Taking the Polskibus to Warsaw

Having decided to make the trip to Warsaw, I took a tip from a friend and used the coach company called Polskibus. But would it be any better than the Eurolines service I took to get here? And would I actually get any work done?

I admit I’m out of practice. There was a time when I’d do a 20-hour-plus bus journey without blinking (mainly because I prefer to wink – it’s both friendlier and more patronising). Even the 19 hour journey here is now a distant memory.

Polskibus only launched in 2011, so the vehicles are still all bright, shiny and new. They’re also pretty hard to miss given their distinctive pillar-box red livery. Please note that I didn’t have a Pantone color chart on me so I could be a few shades out there.

Their network criss-crosses Poland, and also makes forages out internationally to Berlin, Bratislava, Prague and Vienna. It’s clearly a popular service, and the coach I took was full, populated almost entirely by young, studenty types.

Features and benefits

I didn’t check the prices of competing firms, but then at around 30PLN (6GBP/10USD/7EUR) for a 6 hour trip , plus 1PLN booking fee it’s hard to complain. I booked late and hence paid 40PLN, but then the train fare I checked online was 65PLN, so it was still good value.

For that money you get good, comfortable reclining seats, tinted windows, wifi and, best of all, electricity sockets (one per seat, hidden below the armrest between the seats).

It’s the first time I’ve used wifi on a long-distance coach, and it was pretty decent if highly variable in speed and prone to dropping out occasionally. It wasn’t happy streaming my Spotify music though, perhaps because of the network setup – you need to click a confirm box to use a web browser.

Interior

Journeyman

The journey was flat in its entirety. Fields. Trees. Trees in fields. Fields bordered by trees. Towns, villages and cities, too, all with their own tree/field specimens. At times there were long stretches of baffles, presumably to block sound or visual pollution, or maybe because there was a tree or field so interesting that they thought might prove distracting to the driver.

Maintaining your attention whilst working on a coach is like trying to successfully balance stuff on a slippy tray whilst being shaken about in a big metal box. There’s also a whole bunch of internal and external factors to test you, regardless of the quality of the coach you’re on. So you’ll never get the same work done as you would in an office, and you have to adjust your expectations accordingly.

On this particular journey the guy in front was playing the randomly-reclining game, meaning I had to stay on my toes to stop my screen being suddenly crushed. Also, the roads were occasionally very juddery. But the main problem came from sleepiness: even a modest lack of sleep the night before and a coach journey can make me feel like somebody’s slipped something in my drink.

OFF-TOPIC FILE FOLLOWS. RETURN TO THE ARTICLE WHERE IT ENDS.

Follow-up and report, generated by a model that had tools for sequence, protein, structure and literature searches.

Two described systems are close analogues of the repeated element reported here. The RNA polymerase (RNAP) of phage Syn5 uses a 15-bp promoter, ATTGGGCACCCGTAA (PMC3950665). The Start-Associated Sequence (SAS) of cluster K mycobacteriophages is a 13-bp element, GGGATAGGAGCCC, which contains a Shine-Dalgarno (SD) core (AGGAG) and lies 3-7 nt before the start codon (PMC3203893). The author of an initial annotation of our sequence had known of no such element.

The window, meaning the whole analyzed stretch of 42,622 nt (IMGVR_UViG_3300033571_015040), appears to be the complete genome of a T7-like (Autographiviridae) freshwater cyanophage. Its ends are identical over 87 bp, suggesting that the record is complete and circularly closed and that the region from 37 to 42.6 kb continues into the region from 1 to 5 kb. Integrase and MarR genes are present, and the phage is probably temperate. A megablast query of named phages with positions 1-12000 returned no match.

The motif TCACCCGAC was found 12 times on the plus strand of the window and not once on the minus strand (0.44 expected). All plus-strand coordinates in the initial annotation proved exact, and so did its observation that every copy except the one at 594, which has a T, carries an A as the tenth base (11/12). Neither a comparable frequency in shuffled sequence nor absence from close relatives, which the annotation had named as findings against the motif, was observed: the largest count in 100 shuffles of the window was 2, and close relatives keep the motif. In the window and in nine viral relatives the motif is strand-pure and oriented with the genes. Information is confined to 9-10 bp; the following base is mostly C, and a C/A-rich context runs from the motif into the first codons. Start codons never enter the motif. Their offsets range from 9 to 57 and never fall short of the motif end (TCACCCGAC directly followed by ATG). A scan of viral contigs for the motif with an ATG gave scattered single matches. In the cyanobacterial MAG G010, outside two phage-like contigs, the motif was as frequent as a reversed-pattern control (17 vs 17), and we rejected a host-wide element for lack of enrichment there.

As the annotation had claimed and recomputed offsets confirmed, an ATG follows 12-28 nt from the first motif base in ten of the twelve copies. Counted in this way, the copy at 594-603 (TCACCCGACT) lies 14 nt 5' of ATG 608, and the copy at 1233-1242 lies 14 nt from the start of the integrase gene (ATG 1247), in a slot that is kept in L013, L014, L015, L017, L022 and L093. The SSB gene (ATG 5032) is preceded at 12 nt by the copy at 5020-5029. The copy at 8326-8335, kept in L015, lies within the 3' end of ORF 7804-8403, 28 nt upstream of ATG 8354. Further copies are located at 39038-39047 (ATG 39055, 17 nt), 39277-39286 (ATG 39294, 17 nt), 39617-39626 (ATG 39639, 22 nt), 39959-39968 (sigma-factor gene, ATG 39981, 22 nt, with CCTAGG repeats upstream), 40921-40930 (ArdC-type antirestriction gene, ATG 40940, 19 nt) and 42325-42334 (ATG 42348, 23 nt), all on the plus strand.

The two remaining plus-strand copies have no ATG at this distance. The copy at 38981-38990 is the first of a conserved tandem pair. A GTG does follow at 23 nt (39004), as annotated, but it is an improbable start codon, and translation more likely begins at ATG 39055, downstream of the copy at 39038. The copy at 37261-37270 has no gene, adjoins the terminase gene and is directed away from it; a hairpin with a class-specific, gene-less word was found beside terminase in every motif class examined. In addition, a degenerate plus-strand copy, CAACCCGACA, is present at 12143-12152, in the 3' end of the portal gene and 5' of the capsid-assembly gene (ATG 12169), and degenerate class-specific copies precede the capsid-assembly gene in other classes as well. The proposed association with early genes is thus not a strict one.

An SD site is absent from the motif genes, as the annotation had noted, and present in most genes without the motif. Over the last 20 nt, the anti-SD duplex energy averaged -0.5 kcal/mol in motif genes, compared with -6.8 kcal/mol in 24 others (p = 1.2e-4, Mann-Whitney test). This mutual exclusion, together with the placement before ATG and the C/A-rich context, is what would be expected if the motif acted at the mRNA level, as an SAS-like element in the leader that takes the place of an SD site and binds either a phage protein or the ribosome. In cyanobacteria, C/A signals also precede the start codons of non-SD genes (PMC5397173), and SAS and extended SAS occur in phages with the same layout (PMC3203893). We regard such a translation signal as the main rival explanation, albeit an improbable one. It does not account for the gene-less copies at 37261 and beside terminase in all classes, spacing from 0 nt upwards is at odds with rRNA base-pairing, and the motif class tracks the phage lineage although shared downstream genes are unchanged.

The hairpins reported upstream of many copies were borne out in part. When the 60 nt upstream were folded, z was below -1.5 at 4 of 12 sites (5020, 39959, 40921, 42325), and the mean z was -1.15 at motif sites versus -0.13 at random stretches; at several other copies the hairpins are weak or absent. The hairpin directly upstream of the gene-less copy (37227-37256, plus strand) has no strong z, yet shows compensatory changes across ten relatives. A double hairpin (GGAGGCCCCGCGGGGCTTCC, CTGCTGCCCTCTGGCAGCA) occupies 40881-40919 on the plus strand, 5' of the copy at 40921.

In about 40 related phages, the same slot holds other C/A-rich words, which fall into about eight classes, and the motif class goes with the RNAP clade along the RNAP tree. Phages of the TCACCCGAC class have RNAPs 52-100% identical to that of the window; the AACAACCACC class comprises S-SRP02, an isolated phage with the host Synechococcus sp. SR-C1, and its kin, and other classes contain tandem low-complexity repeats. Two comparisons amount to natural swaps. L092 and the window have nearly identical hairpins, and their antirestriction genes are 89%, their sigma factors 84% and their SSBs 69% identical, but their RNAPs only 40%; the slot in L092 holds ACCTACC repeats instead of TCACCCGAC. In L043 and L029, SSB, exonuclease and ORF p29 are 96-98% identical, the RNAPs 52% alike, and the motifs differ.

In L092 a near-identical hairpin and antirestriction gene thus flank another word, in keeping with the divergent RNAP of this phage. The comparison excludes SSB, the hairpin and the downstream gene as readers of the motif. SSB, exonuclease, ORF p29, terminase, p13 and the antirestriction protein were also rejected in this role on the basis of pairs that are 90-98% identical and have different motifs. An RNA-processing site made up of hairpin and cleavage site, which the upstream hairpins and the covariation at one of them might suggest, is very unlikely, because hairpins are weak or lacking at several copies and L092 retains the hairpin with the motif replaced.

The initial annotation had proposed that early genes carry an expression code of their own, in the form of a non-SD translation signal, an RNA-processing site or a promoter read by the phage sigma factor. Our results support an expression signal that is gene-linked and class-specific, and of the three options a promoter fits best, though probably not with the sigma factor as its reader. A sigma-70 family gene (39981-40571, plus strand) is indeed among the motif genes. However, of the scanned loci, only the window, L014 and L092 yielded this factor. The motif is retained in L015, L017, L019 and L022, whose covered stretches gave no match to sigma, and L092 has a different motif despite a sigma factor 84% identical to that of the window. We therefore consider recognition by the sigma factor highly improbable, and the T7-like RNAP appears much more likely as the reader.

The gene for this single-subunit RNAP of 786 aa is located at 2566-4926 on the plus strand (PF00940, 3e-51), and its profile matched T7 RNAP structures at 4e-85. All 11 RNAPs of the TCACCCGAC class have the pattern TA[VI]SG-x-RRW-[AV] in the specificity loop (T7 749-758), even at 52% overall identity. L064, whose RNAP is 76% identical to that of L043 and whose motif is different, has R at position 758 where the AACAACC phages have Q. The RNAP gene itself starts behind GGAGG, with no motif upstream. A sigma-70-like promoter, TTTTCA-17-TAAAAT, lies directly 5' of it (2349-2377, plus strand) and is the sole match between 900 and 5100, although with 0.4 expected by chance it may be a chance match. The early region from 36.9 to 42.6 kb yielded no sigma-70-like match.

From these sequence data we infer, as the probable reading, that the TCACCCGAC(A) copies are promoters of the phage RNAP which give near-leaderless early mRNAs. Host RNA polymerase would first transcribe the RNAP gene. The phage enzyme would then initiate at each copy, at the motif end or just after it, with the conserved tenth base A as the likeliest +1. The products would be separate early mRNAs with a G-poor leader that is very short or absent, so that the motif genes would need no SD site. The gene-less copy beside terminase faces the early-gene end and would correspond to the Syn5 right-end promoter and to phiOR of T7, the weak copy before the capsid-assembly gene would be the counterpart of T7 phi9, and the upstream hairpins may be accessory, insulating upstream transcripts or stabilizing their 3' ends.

All in all, it was pretty decent. By the end of 5 1/2 hours on the road, I’d done about 2h 20 minutes of work plus a stint in dreamland, and that’s about as good as you can probably hope for under the circumstances.

Added to this, we even got a half an hour break at a place with actual real-life food and drink. Take note Eurolines, who didn’t think this was necessary on a journey from the UK to Poland that spanned 19 hours.

It wasn’t a journey of joy – I much prefer trains to coaches – but it was cheap, comfortable, and I’d definitely recommend it. In fact, I may have to write an open letter begging them to extend their network to the UK. I’d certainly use them.

Have you ever used Polskibus? Have you ever  tried to get work done on a coach?  How about balancing stuff on a slippy tray whilst being shaken about in a big metal box?

Warsaw coach station

2 Comments

  1. Sticky Toffee

    As I pulled on to the M62 a couple of weeks ago I found myself alongside a coach with a Polish number plate. Could this be a Polski Bus? Er, no. Instead it carried the name Sindbad. This had me puzzled on two levels. Firstly, I’ve never seen Sinbad spelt with that extra ‘d’ in the middle. I could forgive the spelling. After all the Poles must have terrible problems spelling their own names correctly.( If only they could be pronounced like they are spelt it would help.) Secondly I’ve only ever known two Sinbads. One was a window cleaner so-called because he never cleaned the corners of windows and the other who gave the window cleaner his nickname was, of course, a sailor. Now, what on earth is a sailor doing running a bus company?

    • Neil

      Polish is a tricky language, no doubt. Mind you, English pronunciation rules aren’t exactly easy (see: though and cough) yet I know plenty of Polish people who cope just fine. So I don’t really have much of an excuse for the fact that I can’t actually pronounce the name of my own street.

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